If Google’s password-free login – Project Abacus becomes successful this summer, then the conventional passwords will soon be a thing of the past on the Android devices.
The project stems from the idea that humans are not very good at remembering passwords, but they’re quite good at simply being themselves.
Last week, Google has confirmed at I/O that it’s pushing ahead with plans to replace passwords with “trust scores”.
Assuming it goes well, this will become available to every Android developer around the world by the end of 2016.
It’ll be up to those developers to decide whether Google’s method is reliable enough to replace traditional password, fingerprint log-ins and PIN.
How will password-free login work?
The trust score is based on various user-specific data points, including typing patterns, current location and facial recognition.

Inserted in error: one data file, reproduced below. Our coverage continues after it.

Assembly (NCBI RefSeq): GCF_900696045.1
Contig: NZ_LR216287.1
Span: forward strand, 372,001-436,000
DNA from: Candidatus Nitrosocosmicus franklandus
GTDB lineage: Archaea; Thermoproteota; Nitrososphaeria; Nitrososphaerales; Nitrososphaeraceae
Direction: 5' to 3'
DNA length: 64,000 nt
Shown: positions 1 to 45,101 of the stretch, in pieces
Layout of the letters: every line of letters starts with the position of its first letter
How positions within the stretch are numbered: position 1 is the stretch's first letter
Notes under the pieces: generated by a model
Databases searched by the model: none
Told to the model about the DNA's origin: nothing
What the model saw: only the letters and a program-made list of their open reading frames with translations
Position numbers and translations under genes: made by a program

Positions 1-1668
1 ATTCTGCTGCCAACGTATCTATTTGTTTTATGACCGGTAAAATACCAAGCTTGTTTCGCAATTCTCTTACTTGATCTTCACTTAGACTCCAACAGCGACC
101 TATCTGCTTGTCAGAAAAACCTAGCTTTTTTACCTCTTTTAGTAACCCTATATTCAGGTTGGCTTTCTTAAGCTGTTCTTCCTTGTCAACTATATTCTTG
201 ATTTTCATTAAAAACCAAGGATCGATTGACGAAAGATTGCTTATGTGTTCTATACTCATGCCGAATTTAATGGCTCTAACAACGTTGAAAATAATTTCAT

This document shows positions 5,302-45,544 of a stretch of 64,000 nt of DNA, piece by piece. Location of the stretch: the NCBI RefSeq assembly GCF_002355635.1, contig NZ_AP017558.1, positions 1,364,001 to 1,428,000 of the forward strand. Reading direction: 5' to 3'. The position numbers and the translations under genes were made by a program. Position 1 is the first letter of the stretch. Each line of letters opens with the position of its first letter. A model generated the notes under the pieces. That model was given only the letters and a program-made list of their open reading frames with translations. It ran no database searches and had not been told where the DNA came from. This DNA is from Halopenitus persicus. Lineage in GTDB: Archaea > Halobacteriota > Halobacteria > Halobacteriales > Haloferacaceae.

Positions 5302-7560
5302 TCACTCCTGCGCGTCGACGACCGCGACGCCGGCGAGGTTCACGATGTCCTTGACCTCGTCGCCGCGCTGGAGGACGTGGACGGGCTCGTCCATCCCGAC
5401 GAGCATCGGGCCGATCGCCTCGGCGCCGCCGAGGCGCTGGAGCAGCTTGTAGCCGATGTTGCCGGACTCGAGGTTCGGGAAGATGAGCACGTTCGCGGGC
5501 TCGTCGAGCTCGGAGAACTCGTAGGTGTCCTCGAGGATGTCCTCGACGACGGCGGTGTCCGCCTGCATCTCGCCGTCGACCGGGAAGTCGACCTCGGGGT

Certain apps can require different scores.
For instance – A banking app might need a higher trust score than Instagram.
The Trust API will always run in the background of your device, monitoring its sensors and information so that it can provide apps with the current trust score.
So instead of asking for a password, Abacus will analyze how you type and speak, and combined with other signals from the sensors in your phone, calculates the probability that you are who you say you are.
That probability will be known as a “Trust Score”.
API’s release depends upon a successful trial on several large financial institutions next month.
However, this appears to be a promising research, especially considering how terrible traditional passwords are, even when they’re coupled with two-factor authentication.